No one expects the worst to happen. But jobs aren’t permanent. Good health isn’t guaranteed. In general, bad things can happen. Which is why it’s so important to have a fiscal safety net to catch you and your family while you figure out the next move. The general rule of thumb is to save three to six months worth of pay as an emergency fund.
Alexandra has 45 months squirreled away in her rainy day fund.
Growing up poor with a single mom, Alexandra was often unhoused. And so as an adult she’s worked hard to find financial stability. For the last seven years she’s earned a good salary as an attorney as has her partner who’s an engineer. Logically, Alexandra knows she doesn’t need that much money sitting in her savings account. Her friends say she should invest it in the stock market or even buy the new house she and her partner have been eyeing. But she can’t bring herself to part with the money because, on some level, it’s the one thing that’s preventing her from feeling financially insecure.
On a recent episode of How To!, Athena Lent, Slate’s Pay Dirt columnist and founder of Money Smart Latina, opens up about her similar upbringing to Alexandra and how it affects the way she views money. She advises Alexandra on how to change her relationship with her bank account so she can make big purchases without feeling panicked. This transcript has been condensed and edited for clarity.
David Epstein: Alexandra, your savings seems to operate as an auxiliary plan if the rug was taken out from under you. But it also seems like a source of anxiety, correct?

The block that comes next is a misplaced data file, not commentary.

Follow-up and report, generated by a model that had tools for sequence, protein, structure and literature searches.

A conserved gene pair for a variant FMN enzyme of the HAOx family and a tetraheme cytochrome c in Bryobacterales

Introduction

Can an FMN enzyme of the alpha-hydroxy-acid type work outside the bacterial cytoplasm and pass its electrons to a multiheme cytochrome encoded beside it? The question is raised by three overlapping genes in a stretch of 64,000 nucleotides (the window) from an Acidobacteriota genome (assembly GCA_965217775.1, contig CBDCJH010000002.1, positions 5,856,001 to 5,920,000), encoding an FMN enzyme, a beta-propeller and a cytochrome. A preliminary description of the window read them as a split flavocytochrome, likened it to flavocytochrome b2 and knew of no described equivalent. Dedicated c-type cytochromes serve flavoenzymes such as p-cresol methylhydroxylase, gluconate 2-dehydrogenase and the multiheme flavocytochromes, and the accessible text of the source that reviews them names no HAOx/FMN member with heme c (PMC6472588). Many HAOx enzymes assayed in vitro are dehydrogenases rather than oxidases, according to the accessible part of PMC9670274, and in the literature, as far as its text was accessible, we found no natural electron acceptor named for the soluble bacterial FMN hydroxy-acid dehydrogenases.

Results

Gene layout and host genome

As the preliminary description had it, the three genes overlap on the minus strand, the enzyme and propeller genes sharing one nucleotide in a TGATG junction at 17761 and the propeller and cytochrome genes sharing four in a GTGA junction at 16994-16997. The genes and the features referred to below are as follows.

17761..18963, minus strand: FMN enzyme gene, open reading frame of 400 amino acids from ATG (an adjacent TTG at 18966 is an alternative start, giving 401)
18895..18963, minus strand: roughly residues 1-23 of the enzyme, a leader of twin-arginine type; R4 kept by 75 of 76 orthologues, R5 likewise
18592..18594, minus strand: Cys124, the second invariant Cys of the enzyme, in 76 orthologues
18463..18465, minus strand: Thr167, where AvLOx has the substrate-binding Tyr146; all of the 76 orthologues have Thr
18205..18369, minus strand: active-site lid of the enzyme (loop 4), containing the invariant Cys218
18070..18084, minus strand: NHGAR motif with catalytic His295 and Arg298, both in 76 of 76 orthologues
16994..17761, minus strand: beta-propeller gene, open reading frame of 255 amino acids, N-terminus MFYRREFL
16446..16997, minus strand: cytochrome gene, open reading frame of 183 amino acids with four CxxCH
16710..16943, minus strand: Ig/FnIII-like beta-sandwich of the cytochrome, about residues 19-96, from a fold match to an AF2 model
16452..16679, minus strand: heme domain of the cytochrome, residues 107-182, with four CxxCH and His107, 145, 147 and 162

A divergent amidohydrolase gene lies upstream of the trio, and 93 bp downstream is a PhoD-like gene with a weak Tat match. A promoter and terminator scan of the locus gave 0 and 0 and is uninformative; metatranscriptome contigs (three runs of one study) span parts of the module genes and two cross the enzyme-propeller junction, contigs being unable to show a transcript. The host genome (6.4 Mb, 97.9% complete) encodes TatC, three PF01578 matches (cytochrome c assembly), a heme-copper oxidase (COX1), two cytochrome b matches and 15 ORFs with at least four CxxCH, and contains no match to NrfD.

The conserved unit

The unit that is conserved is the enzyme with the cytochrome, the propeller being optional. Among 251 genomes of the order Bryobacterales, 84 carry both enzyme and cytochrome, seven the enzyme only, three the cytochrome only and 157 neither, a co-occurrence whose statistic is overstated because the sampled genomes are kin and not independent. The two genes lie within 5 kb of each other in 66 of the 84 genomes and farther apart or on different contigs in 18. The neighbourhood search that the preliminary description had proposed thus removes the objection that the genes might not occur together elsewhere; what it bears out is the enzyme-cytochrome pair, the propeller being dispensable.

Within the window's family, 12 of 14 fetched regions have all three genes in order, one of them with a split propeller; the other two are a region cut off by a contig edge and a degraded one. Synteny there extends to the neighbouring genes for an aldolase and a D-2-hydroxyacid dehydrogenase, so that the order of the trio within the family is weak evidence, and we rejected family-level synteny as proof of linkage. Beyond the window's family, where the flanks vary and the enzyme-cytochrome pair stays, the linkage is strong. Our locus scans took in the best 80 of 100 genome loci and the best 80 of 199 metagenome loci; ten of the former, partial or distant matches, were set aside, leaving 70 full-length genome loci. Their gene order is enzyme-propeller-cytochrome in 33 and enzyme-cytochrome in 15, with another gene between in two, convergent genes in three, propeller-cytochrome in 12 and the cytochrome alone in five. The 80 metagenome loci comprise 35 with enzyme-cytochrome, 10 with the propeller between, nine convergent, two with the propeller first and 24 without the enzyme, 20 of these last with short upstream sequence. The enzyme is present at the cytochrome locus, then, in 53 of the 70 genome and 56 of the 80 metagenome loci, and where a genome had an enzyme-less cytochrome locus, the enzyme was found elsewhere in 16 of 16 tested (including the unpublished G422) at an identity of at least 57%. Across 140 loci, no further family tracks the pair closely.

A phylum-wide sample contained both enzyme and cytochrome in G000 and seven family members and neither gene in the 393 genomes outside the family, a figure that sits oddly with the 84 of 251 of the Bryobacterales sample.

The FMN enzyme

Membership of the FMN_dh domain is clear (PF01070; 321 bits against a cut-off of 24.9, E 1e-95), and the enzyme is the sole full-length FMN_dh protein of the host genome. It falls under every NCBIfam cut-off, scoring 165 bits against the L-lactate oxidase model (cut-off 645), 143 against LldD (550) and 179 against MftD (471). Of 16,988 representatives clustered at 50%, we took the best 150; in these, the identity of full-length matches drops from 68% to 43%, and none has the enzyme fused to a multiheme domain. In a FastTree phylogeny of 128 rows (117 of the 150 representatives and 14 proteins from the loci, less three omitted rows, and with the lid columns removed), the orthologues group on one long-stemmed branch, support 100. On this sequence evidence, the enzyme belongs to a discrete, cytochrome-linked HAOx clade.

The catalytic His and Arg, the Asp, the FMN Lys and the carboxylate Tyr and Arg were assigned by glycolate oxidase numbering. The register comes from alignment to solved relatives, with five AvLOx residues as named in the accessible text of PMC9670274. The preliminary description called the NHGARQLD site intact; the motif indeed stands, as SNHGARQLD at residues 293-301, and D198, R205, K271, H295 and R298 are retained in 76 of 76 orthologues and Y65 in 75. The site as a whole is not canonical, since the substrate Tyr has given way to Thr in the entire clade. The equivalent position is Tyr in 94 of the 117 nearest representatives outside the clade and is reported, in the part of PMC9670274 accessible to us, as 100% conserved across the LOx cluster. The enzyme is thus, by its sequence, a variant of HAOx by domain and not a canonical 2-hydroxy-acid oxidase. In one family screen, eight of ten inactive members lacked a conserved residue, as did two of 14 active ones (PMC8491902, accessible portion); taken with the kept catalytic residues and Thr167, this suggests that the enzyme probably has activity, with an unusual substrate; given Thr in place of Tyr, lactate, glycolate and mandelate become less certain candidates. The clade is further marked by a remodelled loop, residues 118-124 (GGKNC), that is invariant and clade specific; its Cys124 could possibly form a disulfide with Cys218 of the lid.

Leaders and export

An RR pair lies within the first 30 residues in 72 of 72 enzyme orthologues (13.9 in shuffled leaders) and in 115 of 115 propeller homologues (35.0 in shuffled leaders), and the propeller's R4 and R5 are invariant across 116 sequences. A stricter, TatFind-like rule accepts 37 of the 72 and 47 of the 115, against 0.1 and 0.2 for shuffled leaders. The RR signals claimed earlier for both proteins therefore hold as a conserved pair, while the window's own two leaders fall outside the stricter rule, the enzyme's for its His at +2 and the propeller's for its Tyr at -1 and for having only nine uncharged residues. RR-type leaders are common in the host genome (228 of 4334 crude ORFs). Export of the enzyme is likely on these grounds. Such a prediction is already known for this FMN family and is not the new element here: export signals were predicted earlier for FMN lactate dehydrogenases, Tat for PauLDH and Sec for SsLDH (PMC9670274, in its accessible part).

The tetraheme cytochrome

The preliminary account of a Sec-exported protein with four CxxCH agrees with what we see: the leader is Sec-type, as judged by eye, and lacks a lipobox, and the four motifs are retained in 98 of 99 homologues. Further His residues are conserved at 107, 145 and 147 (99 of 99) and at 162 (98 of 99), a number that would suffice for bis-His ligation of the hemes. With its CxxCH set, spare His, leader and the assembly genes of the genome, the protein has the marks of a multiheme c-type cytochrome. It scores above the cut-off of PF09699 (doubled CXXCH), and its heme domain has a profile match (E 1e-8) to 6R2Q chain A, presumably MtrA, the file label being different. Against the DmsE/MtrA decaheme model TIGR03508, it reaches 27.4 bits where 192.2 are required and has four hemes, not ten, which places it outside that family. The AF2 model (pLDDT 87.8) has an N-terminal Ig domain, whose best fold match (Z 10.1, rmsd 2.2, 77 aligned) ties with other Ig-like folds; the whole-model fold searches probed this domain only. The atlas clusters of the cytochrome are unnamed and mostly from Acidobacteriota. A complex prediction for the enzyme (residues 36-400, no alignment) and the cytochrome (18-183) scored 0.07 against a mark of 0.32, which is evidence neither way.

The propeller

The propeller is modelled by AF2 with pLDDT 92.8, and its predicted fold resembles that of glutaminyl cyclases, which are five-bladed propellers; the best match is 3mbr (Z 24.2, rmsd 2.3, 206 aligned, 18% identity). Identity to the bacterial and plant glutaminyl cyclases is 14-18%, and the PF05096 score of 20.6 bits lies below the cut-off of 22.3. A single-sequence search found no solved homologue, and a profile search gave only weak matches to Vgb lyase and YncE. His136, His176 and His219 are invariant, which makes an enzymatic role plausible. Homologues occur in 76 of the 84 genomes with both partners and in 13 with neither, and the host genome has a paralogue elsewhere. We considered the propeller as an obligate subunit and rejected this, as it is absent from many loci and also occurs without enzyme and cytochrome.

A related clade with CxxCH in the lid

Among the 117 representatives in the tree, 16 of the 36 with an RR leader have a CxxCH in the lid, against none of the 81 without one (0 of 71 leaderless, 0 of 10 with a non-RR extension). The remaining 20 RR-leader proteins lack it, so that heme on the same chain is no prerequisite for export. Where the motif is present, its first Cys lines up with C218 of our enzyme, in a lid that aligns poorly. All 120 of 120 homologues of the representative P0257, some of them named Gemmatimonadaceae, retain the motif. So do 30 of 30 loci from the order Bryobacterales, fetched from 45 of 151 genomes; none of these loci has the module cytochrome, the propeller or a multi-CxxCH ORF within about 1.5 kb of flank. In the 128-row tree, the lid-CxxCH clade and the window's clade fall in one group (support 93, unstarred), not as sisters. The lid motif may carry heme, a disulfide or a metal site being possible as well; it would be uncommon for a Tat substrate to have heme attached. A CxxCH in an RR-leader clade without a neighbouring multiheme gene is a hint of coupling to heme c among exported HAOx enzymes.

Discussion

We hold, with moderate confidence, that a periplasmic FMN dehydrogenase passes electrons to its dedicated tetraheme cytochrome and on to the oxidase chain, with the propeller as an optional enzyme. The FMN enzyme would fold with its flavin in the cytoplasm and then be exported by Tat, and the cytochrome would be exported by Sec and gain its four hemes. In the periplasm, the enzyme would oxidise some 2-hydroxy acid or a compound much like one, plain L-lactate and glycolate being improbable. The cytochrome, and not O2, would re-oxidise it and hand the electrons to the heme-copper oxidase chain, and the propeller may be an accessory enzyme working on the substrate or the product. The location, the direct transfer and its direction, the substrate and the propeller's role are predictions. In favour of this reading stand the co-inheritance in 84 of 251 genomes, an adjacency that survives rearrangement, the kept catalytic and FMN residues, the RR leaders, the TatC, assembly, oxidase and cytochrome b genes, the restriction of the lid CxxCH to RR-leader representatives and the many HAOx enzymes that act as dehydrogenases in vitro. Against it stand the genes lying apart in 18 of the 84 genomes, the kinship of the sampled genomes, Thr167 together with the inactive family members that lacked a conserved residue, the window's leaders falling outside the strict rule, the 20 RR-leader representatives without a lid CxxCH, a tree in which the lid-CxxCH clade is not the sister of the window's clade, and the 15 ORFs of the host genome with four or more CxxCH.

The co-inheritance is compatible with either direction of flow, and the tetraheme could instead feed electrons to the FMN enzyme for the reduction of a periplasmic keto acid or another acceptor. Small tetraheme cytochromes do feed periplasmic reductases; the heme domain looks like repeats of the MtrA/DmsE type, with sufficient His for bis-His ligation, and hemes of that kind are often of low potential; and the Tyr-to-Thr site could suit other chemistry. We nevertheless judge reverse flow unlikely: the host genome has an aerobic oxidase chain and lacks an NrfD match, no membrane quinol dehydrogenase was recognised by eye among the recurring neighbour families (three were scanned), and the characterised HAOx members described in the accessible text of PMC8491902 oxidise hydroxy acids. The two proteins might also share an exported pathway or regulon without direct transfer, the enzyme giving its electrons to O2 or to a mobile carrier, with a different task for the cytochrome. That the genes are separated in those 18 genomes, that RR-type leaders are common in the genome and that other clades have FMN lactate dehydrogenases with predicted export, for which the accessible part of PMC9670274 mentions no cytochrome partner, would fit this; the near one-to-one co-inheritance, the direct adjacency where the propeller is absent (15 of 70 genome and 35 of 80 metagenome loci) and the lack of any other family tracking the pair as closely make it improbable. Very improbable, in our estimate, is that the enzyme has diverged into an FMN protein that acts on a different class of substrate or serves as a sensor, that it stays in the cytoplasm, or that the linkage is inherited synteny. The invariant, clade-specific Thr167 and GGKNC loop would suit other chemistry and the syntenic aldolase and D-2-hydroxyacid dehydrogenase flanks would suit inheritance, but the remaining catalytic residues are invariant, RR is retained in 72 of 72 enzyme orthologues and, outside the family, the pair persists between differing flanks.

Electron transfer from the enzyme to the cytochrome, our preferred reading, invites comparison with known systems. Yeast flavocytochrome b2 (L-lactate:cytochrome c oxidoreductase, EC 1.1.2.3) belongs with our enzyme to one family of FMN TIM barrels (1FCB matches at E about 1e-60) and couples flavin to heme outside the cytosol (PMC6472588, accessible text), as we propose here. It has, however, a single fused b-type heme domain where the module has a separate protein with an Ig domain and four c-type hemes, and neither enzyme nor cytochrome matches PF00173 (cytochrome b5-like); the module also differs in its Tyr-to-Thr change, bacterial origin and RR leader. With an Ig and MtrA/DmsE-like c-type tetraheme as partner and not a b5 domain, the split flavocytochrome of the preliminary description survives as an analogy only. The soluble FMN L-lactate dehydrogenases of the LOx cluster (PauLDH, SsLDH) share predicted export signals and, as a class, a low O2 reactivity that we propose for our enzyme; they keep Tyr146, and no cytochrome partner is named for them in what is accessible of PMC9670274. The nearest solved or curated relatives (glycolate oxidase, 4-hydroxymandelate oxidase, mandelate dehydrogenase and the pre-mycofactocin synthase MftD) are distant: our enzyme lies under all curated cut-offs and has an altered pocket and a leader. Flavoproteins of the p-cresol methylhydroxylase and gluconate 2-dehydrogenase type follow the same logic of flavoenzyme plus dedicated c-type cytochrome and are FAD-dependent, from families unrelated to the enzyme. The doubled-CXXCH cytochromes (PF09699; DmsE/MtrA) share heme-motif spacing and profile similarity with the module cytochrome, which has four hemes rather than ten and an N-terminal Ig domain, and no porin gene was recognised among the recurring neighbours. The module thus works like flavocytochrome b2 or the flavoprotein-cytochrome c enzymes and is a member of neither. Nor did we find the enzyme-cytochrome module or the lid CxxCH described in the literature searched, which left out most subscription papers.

Alexandra: It makes me feel sick to think about spending money because, to me, money is security.
My dad left us when we were young, leaving my mom to be a single mother. She worked as a teacher and had a low income. She also suffered from mental illness but was a wonderful mom and loved us a lot. However, there was a lot of instability. There were times when we didn’t have enough food to eat or we couldn’t afford to pay the heating bills. We lived in a hotel for a period and with family. Because of this, I’ve always had a lot of anxiety around becoming homeless, having to depend on other people, and not having money.
David: Are you frugal in general or just with big decisions?
Alexandra: I’ve always been very frugal. My boyfriend is an engineer and grew up in very different circumstances. Luckily he’s a saver but we’ve had fights about money. I remember early on in our dating life I wanted to buy a doughnut but didn’t have cash. He offered to pay for it using a credit card but there was a 50 cent charge. I was like ‘no, we can’t waste that money. We might need that 50 cents.’ So we had a fight about it. I realize that sounds so ridiculous but to me you never know if you are going to need that 50 cents.
David: Is this still a source of conflict with your boyfriend or has he come around to it?
Alexandra: He’s sort of adjusted to it and, for this reason, we do keep our finances pretty separate. When my parents separated, my dad bought a car in my mom’s name and did some other things to give her bad credit as revenge. So that’s another source of fear. I never want anyone to have access to my money.
Athena Lent: You’ve had some pretty traumatic stuff happen to you as a child and just because you aren’t standing on the street corner asking for money doesn’t take away from your childhood and your experience. I just want to share that because it’s OK to say ‘hey, this bad thing happened to me.’ A lot of dealing with our trauma is admitting it.
Alexandra: Yeah, it feels disloyal to my mom though.
Athena: You know what? It’s totally going to and that’s fine.
I was homeless as well growing up. My mom was a single mom and passed away right in front of me when I was a freshman in high school. I was passed around from relative to relative to be used for my social security checks. I ended up living with friends off and on in high school. I was truly homeless and that sucked. And I just want to tell you I’m sorry that happened to you. No wonder you flinch when you think about spending money.